There are supposed to be six commissioners of the FEC at any given time, and the body requires at least four commissioners for a quorum. But due to a spate of resignations and a dearth of appointments, there are currently only three commissioners, including Trainor, the chair.
After being impotent since September 2019, it had quorum for only 28 days after Trainor took up his post in June before another commissioner resigned and left it powerless once more, per the New York Times.
The remaining commissioners are Steven T. Walther, an independent, and Ellen L. Weintraub, a Democrat.
Walther, who is the vice chair, has been on the FEC since 2006. He has not spoken about the election since it occurred. Weintraub has done three yearlong stints as its chair since she joined the FEC in 2002.
She has defended the integrity of the election and said the opposite of Trainor.
"State and local officials and poll workers throughout the country really stepped up. And there have been very few complaints about how this election was run. Very few substantiated complaints, let me put it that way," Weintraub told CNN.
"There is no evidence of any kind of voter fraud," she added. "There is no evidence of illegal votes being cast."
Weintraub also retweeted a take-down of Trainor by Rick Hasen, a professor of law and political science at the University of California-Irvine.
"The FEC deals with campaign finance, not vote counting. And Trey Trainor does not speak for the FEC," Hasan wrote on Twitter.
Along with her retweet, Weintraub added, "I can confirm: FEC does *not* say widespread fraud."
Our ruling: Partly false
The quotes from FEC Chair Trey Trainor are real and came from an interview with Newsmax. But he's not the "top boss of all the election officials," and the FEC's jurisdiction isn't related to vote counting or election security — only campaign finances. Trainor himself admitted he wasn't briefed on the issue, and all of his comments contained factual inaccuracies, echoing false allegations of election fraud that have been presented with no proof. Based on our research these claims are PARTLY FALSE, true only in that Trainor expressed his opinion about the election.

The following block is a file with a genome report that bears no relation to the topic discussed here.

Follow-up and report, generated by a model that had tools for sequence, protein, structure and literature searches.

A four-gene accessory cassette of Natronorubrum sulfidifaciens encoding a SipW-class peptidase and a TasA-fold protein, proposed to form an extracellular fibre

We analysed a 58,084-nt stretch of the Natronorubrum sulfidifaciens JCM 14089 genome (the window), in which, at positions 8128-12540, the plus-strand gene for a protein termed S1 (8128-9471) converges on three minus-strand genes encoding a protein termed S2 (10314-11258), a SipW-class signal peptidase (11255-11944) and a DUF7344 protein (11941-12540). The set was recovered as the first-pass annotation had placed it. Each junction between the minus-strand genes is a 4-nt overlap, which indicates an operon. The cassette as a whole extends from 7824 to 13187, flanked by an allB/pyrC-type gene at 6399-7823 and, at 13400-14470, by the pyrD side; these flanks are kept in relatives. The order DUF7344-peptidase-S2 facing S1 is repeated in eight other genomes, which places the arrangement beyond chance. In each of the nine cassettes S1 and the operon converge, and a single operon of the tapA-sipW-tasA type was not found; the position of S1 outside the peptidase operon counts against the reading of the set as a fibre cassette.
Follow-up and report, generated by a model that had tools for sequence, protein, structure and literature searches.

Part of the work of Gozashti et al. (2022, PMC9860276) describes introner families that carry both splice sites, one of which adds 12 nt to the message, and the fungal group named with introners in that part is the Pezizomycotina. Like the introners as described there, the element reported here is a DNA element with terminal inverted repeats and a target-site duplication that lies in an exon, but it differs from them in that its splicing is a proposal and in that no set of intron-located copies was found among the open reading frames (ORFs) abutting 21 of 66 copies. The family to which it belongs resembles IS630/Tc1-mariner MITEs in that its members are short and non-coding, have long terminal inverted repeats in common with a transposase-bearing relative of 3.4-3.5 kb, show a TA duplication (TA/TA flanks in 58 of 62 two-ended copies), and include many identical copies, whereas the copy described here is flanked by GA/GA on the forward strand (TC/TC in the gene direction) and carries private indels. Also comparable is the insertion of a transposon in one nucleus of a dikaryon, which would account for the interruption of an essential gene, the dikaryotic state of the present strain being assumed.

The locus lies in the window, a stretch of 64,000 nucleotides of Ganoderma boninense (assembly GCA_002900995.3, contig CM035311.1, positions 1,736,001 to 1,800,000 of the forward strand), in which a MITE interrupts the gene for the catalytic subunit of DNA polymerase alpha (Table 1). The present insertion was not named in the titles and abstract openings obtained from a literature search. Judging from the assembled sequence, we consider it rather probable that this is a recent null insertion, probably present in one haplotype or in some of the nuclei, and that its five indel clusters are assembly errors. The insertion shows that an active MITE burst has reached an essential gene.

Our fact-check sources:
Washington Post, Sept. 18, FEC chairman, in interviews, says this year’s election amounts to a ‘spiritual war’
USA.Gov, Federal Election Commission
Congressional Research Service, March 4, 2019, The State and Local Role in Election Administration: Duties and Structure
Newsmax, Nov. 6, Trey Trainor to Newsmax TV: Voter Fraud Is Taking Place
New York Times, Nov. 7, There’s no evidence to support claims that election observers were blocked from counting rooms.
Politifact, Nov. 12, Trump’s wrong claim that election observers were barred in Pennsylvania, Michigan
USA TODAY, Nov. 12, Election security officials: 'No evidence voting systems compromised'
Washington Post, Nov. 17, Two weeks on, no evidence of any significant fraud
New York Times, Nov. 17, The Times Called Officials in Every State: No Evidence of Voter Fraud
New York Times, June 26, After Functioning for 28 Days, U.S. Election Regulator Will Be Powerless Again
Ellen L Weintraub, Nov. 13, Tweet
Rick Hasen, Nov. 12, Tweet
Thank you for supporting our journalism. You can subscribe to our print edition, ad-free app or electronic newspaper replica here.
Our fact check work is supported in part by a grant from Facebook.
This fact check is available at IFCN’s 2020 US Elections FactChat #Chatbot on WhatsApp. Click here, for more.
This article originally appeared on USA TODAY: Fact check: Federal Election Commission chair echoes false fraud claims